Finely chop mushrooms by hand or in food processor, but be very careful not to puree them. Place butter and garlic into sauce pot and cook until garlic begins to stick to pan. As soon as garlic sticks add shallots, red wine, mushrooms and seasonings. Simmer for about 20 minutes over medium heat. Remove from the stove and strain 80 percent of the liquid (4 cups) and set aside. (This is the mushroom jus). Take the mushroom mixture and lay it on sheet pan, remove thyme and refrigerate.
Proscuitto (6 large sheets sliced thin)
Take the prosciutto and lay it flat on wax paper. You will need approximately 6 sheets of the prosciutto making a large rectangular box on the wax paper. In the center of the prosciutto, spread out chilled mushrooms 1/3 larger than the tenderloin. Place the cooked tenderloin in the center of the arrangement and pile the mushrooms on top and on the sides. Roll the prosciutto around the tenderloin using the wax paper so the entire loin is covered with mushrooms and prosciutto. As soon as the tenderloin is wrapped twist the ends and refrigerate.
1/2 cup beef base
5 cups water
4 cups reserved mushroom jus
1/4 pound butter
3 tablespoons garlic, minced
1 large white onion
3-4 stalks celery, chopped
3-4 carrots, chopped
12-14 springs thyme
Salt and pepper as needed
1/4 cup corn starch
1 cup water
Melt butter in saucepan and add garlic. As soon as garlic starts to brown, add onions, cook until slightly tender then add celery and do the same. Add the carrots and simmer for 8-10 minutes or until tender. Add beef stock, 4 cups water, thyme, celery and salt and pepper. Reduce the liquid by 1/3 then add the mushroom jus and reduce by another 1/3. Whisk corn starch and 1 cup water together with fork and add a little at a time to the mushroom sauce until you reach the desired thickness of the sauce. DO NOT ADD ALL AT ONCE! Take your time doing this.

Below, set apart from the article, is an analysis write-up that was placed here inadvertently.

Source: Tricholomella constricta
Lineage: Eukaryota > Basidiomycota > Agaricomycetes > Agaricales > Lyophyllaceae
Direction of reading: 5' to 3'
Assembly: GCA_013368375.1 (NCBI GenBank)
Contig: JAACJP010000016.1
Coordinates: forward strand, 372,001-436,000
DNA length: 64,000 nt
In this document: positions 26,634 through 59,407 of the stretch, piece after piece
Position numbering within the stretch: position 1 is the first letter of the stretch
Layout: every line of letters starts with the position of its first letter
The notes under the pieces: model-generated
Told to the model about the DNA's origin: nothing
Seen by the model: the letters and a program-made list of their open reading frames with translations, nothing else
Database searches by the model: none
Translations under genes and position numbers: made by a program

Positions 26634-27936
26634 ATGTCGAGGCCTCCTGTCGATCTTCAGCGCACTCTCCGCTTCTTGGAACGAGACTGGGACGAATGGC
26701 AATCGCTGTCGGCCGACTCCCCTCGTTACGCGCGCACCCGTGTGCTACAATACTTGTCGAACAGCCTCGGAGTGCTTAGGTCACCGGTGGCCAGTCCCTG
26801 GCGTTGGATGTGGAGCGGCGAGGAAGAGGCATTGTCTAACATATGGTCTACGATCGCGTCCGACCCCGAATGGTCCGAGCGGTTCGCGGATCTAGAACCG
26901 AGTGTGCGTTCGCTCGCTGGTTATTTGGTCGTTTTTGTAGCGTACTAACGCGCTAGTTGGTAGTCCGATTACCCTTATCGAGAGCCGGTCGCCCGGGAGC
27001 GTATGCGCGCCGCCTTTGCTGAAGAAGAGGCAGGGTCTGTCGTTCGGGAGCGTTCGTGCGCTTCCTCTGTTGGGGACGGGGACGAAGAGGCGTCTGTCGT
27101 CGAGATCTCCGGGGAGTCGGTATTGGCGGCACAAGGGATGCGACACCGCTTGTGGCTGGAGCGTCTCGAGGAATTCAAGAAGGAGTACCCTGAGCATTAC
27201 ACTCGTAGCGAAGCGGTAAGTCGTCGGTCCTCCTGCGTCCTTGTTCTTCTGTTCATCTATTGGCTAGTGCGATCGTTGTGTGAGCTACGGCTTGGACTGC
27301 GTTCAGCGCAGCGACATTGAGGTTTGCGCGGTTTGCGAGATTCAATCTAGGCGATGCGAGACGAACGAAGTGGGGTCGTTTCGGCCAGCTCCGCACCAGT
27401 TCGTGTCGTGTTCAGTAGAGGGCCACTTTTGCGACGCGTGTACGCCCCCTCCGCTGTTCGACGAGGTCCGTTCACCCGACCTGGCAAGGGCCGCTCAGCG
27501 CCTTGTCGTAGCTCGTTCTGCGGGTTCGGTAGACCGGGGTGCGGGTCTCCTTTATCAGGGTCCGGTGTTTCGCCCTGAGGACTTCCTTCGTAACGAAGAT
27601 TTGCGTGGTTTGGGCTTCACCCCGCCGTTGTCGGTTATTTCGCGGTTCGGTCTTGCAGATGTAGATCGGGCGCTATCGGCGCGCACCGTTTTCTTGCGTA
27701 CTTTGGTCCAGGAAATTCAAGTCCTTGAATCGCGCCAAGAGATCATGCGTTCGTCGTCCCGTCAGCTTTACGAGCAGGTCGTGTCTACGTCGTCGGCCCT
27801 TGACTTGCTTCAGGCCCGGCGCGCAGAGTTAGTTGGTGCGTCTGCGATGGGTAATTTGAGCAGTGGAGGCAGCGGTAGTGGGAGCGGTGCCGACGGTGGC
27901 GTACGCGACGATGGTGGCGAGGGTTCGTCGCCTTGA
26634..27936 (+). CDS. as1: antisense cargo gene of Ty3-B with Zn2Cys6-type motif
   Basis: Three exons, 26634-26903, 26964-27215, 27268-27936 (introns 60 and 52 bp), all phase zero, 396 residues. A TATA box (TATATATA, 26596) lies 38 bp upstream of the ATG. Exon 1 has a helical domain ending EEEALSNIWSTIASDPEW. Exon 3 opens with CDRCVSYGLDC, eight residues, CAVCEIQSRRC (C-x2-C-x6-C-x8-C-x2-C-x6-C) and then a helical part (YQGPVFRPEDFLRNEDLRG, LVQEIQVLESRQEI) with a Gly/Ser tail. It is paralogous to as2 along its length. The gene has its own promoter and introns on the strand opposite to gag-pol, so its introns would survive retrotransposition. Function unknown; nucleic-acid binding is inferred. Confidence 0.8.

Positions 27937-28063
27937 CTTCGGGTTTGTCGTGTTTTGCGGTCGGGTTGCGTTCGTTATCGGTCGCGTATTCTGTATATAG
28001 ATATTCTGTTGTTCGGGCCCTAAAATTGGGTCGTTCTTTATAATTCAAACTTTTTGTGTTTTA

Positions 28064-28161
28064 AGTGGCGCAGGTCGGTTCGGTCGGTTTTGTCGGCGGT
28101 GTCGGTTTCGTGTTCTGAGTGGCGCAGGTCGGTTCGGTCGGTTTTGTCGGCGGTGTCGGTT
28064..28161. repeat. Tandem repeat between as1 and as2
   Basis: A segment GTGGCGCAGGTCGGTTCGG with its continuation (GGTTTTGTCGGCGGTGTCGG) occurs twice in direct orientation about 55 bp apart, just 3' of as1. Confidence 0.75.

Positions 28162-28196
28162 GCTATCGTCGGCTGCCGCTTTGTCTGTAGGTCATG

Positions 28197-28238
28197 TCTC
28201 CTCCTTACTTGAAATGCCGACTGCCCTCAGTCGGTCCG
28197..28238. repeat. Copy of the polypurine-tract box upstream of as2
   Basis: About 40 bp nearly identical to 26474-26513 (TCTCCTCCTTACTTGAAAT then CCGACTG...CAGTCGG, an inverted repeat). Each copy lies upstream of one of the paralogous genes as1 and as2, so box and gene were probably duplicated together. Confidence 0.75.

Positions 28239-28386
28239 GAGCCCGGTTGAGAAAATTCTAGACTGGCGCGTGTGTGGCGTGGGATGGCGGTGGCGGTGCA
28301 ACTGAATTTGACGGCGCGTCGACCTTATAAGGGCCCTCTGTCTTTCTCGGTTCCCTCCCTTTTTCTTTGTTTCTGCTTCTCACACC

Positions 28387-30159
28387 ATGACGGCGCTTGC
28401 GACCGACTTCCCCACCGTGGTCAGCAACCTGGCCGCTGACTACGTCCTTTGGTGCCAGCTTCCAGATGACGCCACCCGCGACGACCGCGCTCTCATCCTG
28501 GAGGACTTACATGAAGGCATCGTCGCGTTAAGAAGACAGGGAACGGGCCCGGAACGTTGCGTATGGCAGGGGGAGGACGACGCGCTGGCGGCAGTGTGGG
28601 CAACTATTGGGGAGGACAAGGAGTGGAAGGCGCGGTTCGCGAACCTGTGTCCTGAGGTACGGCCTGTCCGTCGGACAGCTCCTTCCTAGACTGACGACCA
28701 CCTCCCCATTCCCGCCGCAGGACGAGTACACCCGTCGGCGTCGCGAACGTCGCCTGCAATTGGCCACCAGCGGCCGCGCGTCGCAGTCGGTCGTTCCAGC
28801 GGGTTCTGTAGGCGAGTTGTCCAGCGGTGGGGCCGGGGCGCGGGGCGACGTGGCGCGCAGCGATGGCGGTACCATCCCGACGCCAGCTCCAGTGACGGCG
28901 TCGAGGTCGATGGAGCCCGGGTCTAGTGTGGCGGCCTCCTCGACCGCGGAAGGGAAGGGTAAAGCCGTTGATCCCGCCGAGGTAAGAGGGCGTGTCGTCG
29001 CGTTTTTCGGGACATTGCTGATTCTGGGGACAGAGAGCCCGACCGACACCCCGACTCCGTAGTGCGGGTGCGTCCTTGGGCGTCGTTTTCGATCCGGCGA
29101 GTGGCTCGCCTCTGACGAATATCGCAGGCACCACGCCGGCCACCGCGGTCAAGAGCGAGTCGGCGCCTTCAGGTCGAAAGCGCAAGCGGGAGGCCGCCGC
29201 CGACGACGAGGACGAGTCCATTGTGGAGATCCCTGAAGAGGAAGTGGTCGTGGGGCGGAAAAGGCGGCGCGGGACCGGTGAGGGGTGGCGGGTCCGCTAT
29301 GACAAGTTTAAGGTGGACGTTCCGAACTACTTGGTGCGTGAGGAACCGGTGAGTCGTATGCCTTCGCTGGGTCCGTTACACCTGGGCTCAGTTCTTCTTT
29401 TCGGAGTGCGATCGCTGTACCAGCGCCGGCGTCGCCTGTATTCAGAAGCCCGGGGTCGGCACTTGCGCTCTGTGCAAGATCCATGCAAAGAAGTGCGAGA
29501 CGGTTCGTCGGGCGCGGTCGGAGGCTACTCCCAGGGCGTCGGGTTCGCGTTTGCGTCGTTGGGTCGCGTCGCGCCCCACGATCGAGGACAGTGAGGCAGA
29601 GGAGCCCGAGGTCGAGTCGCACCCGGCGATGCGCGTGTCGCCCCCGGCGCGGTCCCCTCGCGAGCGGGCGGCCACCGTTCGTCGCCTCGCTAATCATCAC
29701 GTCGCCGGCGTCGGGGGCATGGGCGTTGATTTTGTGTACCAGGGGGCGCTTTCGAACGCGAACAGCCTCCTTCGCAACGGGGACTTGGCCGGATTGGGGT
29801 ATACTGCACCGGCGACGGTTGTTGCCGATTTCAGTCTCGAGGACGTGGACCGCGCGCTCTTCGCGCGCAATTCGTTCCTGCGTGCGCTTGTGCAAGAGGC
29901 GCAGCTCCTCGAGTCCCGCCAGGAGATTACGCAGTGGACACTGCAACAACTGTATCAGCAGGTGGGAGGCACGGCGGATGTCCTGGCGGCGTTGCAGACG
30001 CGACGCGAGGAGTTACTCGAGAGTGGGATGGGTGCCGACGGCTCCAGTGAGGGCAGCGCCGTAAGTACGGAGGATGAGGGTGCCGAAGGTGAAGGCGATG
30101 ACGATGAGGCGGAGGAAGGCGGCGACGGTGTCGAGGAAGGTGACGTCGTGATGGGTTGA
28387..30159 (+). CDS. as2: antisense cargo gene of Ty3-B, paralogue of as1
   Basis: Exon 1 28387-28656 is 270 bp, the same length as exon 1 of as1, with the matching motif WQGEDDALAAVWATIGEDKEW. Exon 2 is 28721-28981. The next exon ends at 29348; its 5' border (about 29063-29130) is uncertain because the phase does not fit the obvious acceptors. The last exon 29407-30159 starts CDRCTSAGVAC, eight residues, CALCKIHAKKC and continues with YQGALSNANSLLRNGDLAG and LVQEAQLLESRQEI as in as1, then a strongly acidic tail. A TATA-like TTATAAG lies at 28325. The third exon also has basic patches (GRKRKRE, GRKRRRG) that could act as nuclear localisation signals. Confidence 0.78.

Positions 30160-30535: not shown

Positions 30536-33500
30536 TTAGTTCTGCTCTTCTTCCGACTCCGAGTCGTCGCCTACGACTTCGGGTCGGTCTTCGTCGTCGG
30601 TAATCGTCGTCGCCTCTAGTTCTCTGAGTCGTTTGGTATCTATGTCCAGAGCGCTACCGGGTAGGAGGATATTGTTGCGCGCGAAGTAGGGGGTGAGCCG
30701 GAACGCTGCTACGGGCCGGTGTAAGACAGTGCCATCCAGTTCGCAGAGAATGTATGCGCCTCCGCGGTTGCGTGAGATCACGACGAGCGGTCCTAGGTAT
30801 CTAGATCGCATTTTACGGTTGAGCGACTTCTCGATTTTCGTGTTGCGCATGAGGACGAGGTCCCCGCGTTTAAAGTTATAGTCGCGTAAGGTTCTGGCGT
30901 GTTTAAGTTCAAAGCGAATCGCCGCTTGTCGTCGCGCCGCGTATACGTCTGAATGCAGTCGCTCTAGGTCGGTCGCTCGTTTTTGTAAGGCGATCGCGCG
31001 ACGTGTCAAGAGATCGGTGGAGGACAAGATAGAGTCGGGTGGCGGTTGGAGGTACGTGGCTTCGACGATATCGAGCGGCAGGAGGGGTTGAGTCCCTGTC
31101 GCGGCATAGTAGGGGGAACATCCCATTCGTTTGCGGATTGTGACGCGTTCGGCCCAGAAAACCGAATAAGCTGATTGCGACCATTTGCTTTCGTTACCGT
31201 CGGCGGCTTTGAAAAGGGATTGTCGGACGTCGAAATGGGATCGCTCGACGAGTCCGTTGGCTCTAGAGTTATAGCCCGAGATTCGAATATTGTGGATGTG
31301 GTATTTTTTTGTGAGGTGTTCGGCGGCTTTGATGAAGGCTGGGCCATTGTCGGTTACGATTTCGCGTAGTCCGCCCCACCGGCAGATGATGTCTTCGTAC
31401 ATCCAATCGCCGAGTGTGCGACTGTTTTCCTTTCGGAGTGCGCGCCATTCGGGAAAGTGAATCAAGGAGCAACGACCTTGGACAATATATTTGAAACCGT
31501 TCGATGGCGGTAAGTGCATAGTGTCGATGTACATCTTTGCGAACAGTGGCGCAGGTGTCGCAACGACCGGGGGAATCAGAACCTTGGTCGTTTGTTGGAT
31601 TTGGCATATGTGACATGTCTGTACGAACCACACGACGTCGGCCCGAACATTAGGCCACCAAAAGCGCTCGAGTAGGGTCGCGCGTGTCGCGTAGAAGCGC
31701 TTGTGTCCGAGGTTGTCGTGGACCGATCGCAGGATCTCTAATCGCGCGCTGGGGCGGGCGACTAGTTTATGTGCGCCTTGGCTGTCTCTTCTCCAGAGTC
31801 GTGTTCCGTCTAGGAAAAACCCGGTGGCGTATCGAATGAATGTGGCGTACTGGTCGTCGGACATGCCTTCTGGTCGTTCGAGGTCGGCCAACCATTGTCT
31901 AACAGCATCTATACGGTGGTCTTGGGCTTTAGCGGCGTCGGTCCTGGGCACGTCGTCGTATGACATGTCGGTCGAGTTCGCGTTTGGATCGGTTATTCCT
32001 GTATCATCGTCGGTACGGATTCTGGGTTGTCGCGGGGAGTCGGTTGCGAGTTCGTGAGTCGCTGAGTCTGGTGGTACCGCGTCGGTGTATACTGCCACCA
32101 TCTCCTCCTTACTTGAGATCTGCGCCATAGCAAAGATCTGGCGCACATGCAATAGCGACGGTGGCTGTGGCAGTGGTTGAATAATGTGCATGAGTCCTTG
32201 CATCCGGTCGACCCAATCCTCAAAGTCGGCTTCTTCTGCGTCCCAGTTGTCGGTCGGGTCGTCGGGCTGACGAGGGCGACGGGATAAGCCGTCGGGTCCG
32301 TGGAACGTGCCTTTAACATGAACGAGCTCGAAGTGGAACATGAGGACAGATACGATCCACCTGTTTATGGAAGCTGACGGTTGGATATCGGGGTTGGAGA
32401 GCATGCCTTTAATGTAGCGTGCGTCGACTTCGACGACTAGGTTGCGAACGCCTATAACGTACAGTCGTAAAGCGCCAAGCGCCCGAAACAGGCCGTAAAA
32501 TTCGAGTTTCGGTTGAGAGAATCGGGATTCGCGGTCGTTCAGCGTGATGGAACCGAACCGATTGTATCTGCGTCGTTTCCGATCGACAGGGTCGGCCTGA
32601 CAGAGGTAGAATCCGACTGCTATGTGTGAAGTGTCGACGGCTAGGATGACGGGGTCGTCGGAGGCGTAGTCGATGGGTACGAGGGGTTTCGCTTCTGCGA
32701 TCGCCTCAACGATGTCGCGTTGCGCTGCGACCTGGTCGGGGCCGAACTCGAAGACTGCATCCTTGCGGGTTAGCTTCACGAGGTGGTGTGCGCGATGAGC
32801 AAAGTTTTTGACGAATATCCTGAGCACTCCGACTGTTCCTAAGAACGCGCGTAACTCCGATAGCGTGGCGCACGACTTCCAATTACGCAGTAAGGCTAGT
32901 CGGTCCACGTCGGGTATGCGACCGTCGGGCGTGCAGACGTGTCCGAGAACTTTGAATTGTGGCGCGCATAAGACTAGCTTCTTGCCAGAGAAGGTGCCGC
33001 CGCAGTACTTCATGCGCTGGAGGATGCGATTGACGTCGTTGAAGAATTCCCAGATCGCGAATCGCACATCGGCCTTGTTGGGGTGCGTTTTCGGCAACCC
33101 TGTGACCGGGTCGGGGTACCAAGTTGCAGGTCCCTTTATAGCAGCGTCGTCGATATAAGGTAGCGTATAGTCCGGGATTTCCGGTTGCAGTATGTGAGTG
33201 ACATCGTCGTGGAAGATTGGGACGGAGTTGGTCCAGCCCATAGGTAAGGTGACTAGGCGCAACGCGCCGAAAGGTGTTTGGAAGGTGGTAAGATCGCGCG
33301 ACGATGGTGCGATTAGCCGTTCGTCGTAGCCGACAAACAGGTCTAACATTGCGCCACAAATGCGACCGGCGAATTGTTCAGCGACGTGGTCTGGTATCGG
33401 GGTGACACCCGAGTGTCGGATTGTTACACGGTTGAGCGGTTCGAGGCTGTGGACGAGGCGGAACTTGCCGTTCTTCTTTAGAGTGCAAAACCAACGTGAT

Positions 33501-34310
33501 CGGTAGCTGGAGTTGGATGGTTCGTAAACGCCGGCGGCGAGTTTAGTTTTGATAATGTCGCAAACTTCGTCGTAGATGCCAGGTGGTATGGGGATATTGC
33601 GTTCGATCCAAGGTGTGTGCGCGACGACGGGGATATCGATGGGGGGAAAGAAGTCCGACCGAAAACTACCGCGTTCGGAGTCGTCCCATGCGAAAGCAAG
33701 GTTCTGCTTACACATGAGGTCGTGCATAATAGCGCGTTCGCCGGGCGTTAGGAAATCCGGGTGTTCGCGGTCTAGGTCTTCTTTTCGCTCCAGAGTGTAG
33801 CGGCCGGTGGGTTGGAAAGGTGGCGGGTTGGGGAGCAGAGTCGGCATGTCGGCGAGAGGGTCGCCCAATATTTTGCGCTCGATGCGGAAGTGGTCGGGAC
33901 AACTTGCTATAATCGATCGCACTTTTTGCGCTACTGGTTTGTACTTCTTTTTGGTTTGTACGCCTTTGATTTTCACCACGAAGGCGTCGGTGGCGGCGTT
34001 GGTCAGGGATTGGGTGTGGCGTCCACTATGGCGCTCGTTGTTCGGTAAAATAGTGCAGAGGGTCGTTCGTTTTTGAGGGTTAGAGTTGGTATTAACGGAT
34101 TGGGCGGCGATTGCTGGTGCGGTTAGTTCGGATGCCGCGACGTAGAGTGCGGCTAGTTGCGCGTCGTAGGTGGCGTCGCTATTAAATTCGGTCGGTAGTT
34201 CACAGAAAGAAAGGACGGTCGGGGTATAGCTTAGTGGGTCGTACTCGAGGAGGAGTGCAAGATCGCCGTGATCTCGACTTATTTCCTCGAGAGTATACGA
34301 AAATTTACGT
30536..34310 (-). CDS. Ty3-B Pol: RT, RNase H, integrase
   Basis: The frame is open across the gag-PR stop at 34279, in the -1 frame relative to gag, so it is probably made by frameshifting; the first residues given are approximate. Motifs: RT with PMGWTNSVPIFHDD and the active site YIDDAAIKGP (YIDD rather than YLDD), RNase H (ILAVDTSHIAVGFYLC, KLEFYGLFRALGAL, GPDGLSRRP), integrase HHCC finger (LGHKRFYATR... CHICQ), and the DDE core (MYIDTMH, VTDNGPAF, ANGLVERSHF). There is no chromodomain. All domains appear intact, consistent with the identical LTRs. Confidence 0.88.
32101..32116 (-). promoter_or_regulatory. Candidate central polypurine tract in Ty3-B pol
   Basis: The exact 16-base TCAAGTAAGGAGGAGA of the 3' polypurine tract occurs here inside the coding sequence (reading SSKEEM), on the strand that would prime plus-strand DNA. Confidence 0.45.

1/4 cup water
Puff pastry dough (you can make or buy frozen)
Whisk water and egg together and set aside. Take one sheet of puff pastry dough and flour countertop or wooden cutting board so as not to stick. Cut approximately an 11x7-inch sheet of dough and then cut 1/3 of the sheet into a rectangle and place unwrapped tenderloin in the center. Using a pastry brush, paint the egg wash on all the edges around the tenderloin. Carefully lay the larger sheet of pastry dough directly over the top, making sure there are no air pockets inside the dough. Cut any extra dough off the edges, leaving about a 1-inch flat edge around the perimeter. Using a fork press down on the edges to properly seal the dough. Brush the remainder of the egg wash on the outside of the dough but not on the bottom. Place the Wellington on wax or parchment paper and place in 350 degree oven for about 20 minutes or until the crust turns a golden brown. Remove from oven and slice into three or four sections. The Wellington should stand up on its own. Ladle your mushroom sauce on the plate first and place cut Wellington over sauce. Keep extra mushroom sauce on the table -- you will want more.
This recipe is best prepared with local healthy docile animals that feast on a "gourmet" salad bar of clover, wheat, oat, rye grass and millet and should also be USDA certified organic.
Greg Campbell, executive chef at Pier 22 Restaurant in Bradenton, can be reached at firstname.lastname@example.org.